Match-fixing still a major problem for lower-level CS:GO tournaments
The world of Counter-Strike: Global Offensive is apparently far from being rid of match-fixing.
On Jan. 16, 2015, it was revealed that several of North America’s most prominent CS:GO players had thrown a competitive game in order to acquire weapon skins illicitly. The players were permanently banned from competing at events hosted by the game’s developer, Valve. While many people thought that was the end of the issue, apparently the practice of match-fixing continues, as a supposed match-fixer has told esports journalist Richard Lewis that the practice is still rampant among lower-level competition.
Lewis chronicled his interactions with a match-fixer called Karim “tropica” El Amrani. Aside from facilitating fixed matches, tropica is apparently the administrator of a private Facebook group named “CS:GO EU Pracc,” in which European semi-professional players set up practice matches. Tropica told Lewis that he’s made between $10-20,000 off fixed matches since December 2016, and presented Lewis with four examples of fixed matches in that space of time, as well as his betting record.
Fear of getting caught is often considered the main deterrent against match-fixing in CS:GO. The precedent Valve has set when it comes to punishing match-fixers is extremely harsh, as players receive permanent bans from competing at any events hosted by the developer. Other tournament organizers have also proven hesitant to let banned players compete at LAN events.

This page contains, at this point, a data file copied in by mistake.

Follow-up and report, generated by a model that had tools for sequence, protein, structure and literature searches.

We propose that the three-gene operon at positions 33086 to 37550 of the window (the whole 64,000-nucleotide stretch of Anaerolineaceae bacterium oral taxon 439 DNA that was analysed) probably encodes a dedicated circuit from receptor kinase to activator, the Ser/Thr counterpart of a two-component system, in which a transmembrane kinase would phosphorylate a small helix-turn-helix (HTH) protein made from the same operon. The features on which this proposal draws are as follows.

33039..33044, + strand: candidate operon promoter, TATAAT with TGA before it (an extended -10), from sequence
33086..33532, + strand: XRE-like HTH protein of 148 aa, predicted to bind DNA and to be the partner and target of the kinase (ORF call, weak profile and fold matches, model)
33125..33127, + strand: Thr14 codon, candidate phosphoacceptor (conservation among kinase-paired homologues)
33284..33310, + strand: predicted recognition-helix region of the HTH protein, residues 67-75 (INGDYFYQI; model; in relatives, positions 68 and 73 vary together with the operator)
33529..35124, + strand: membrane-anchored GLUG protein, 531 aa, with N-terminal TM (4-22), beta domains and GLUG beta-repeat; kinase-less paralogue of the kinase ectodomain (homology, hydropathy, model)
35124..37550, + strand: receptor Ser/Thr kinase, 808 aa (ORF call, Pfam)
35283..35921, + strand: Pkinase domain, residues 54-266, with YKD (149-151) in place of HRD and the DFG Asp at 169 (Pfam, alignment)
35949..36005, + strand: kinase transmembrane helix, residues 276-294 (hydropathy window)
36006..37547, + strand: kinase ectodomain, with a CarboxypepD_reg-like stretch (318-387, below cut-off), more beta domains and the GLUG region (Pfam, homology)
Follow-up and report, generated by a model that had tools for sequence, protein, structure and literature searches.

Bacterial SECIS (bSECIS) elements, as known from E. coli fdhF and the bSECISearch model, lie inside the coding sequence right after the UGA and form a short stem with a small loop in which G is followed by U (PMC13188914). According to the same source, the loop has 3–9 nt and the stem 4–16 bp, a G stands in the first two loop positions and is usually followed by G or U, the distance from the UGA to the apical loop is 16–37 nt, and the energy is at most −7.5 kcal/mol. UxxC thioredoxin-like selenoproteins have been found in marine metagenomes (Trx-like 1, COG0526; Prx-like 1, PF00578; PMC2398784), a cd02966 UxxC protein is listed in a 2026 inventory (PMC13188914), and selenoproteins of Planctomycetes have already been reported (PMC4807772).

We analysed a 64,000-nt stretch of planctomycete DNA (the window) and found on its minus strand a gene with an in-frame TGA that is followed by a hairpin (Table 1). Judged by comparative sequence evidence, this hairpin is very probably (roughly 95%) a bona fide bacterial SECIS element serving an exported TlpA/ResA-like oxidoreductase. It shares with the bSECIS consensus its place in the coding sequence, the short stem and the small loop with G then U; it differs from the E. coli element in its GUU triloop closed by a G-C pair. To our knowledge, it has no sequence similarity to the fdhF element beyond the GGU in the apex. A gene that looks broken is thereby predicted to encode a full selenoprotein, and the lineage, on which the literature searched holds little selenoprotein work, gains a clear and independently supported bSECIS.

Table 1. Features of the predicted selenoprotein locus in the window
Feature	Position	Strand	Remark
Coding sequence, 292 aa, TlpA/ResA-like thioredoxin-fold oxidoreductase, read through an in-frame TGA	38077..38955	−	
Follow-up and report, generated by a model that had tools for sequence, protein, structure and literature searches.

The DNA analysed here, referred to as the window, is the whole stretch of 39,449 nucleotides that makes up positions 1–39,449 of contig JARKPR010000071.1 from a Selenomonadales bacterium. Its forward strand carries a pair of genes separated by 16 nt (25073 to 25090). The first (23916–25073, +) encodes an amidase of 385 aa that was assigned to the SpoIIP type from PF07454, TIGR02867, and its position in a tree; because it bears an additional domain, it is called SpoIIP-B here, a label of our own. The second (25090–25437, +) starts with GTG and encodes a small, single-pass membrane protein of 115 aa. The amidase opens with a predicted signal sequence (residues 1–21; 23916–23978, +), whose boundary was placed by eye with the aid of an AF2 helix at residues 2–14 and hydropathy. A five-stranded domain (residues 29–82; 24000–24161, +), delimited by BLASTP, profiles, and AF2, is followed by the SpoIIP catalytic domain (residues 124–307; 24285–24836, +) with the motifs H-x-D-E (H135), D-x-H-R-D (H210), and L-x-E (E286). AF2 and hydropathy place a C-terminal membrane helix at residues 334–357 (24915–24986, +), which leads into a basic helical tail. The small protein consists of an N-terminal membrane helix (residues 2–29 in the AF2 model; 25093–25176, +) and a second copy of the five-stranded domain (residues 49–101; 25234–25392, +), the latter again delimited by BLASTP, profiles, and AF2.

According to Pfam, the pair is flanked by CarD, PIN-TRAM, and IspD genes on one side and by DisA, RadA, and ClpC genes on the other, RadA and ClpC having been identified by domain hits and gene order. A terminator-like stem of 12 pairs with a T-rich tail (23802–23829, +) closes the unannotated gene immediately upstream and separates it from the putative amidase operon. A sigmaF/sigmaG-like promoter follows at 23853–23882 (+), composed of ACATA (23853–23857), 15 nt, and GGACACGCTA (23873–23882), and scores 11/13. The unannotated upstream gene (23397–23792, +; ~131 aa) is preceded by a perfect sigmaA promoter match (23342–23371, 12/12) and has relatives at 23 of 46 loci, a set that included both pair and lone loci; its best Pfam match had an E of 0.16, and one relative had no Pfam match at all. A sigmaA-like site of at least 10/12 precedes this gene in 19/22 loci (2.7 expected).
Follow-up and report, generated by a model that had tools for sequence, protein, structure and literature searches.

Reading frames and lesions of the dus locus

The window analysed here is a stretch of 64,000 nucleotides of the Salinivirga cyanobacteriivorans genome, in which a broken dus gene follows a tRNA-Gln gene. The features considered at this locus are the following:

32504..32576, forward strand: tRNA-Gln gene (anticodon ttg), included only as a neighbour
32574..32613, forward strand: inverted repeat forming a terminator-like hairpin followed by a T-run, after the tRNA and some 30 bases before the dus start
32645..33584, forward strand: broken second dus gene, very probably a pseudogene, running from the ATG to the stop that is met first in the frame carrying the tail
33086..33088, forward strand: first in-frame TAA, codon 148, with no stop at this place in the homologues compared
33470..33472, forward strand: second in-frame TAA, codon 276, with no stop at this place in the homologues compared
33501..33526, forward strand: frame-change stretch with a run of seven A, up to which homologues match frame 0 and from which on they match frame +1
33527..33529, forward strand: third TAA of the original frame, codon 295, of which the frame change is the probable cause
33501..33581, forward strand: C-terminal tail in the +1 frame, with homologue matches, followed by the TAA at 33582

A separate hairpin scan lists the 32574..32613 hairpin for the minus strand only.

While only one of the four matches tropico mentioned in his conversation with Lewis took place on LAN, tropico went on to say that teams that throw matches today have next-to-no difficulty in getting away with it.
“You can’t really catch these teams who are fixing their matches because its so easy to get away,” tropico wrote, before explaining that “your friends can bet, your family can bet, you can bet with bitcoins… That’s why no one has gotten caught since iBP [iBuyPower].”
Additionally, tropico, who is based in Finland, told Lewis that multiple players and managers in the Finnish CS:GO scene are organizing the throws. At least one of the matches tropico insinuated was a throw took place at the Finnish LAN Assembly, and that all bets on the match went through the betting platform Nordic Bet.
While match-fixing is rarely considered at the top level of CS:GO, there’s considerably more concern when it comes to semi-professional competitions. Given the lower standard of living players on smaller esports organizations receive in comparison to established brands, due to a lack of proper salaries and prize pools, the allure of match-fixing may seem like a more justifiable act.
Nordic Bet has launched an investigation into the claims put forward by tropico, according to Lewis. It remains to see what is discovered.